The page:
An early reduction in GH peak amplitude in preproghrelin-deficient male mice has a minor impact on linear growth

Rim Hassouna, Philippe Zizzari, Catherine Tomasetto, Johannes D. Veldhuis, Oriane Fiquet, Alexandra Labarthe, Julie Cognet, Frederik Steyn, Chen Chen, Jacques Epelbaum, Virginie Tolle

Research output: Contribution to journalArticlepeer-review

24 Scopus citations

Abstract

Ghrelin is a gut hormone processed from the proghrelin peptide acting as the endogenous ligand of the GH secretagogue receptor 1a. The regulatory role of endogenous ghrelin on pulsatile GH secretion and linear growth had to be established. The aim of the present study was to delineate the endogenous actions of preproghrelin on peripheral and central components of the GH axis. Accordingly, the ultradian pattern of GH secretion was measured in young and old preproghrelindeficient males. Blood samples were collected by tail bleeding every 10 minutes over a period of 6 hours. Analysis of the GH pulsatile pattern by deconvolution showed that GH was secreted in an ultradian manner in all genotypes, with major secretory peaks occurring at about 3-hour intervals. In older mice, the peak number was reduced and secretion was less irregular compared with younger animals. Remarkably, in young Ghrl-/-mice, the amplitude of GH secretory bursts was significantly reduced. In older mice, however, genotype differences were less significant. Changes in GH pulsatility in young Ghrl-/-mice were associated with a tendency for reduced GH pituitary contentsandplasma IGF-I concentrations, but with only a minor impactonlinear growth. In Ghrl-/-mice, despite reduced Acyl ghrelin to des-acyl ghrelin ratio,GHsecretion was not impaired. Ghrelin deficiency was not associated with a reduction in hypothalamic GHRH content or altered response to GHRH stimulation. Therefore, reduction in GHRH production and/or sensitivity do not primarily account for the alteredGHpulsatile secretion of young Ghrl-/-mice. Instead,GHRHexpression was elevated in young but not old Ghrl-/-mice, suggesting that differential compensatory responses resulting from the absence of endogenous ghrelin is occurring according to age. These results show that endogenous ghrelin is a regulator of GH pulse amplitude in growing mice but does not significantly modulate linear growth. Copyright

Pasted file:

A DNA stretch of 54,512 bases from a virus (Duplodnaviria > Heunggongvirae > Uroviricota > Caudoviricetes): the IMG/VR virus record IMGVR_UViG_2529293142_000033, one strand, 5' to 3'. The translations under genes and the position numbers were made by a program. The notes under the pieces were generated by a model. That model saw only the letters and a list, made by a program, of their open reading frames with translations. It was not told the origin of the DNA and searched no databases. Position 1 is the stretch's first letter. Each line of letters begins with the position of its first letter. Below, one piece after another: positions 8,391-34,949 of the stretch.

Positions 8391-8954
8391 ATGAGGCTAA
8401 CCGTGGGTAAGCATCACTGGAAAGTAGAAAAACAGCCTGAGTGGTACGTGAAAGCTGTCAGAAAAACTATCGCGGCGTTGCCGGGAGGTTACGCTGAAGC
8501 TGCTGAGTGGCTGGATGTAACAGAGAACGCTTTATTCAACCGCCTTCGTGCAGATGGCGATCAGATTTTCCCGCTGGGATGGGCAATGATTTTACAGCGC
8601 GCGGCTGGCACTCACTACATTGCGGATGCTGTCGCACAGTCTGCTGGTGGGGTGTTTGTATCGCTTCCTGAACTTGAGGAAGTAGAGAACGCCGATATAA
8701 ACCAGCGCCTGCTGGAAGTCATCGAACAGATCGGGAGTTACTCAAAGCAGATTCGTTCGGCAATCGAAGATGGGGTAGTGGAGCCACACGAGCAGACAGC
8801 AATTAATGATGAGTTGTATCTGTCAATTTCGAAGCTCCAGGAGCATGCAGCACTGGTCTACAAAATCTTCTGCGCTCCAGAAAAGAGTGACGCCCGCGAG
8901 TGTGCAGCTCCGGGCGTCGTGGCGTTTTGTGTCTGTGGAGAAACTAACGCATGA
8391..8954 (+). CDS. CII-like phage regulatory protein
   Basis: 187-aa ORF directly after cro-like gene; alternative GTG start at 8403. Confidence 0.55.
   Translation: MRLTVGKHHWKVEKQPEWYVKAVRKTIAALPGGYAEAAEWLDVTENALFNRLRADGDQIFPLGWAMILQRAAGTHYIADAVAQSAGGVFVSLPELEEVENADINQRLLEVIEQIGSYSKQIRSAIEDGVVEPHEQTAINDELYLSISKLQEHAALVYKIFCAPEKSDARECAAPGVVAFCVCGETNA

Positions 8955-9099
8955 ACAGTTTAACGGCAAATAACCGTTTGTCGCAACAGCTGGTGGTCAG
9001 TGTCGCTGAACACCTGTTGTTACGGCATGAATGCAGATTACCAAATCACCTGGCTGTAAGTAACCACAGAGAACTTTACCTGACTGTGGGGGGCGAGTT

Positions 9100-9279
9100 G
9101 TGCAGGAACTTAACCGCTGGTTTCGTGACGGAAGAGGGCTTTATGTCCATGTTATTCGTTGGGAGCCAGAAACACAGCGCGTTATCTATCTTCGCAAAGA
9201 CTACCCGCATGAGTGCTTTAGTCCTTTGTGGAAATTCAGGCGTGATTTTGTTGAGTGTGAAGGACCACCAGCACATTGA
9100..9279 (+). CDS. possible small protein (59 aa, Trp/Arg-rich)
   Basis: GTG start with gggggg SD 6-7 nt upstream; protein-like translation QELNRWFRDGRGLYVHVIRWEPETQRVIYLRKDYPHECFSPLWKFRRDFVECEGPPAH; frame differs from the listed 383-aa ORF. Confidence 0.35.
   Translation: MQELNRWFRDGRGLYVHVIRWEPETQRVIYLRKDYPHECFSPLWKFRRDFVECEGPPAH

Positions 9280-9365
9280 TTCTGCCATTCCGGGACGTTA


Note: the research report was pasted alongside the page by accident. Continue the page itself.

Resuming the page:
Original languageEnglish (US)
Pages (from-to)3561-3571
Number of pages11
JournalEndocrinology
Volume155
Issue number9
DOIs
StatePublished - Sep 1 2014

ASJC Scopus subject areas

  • Endocrinology

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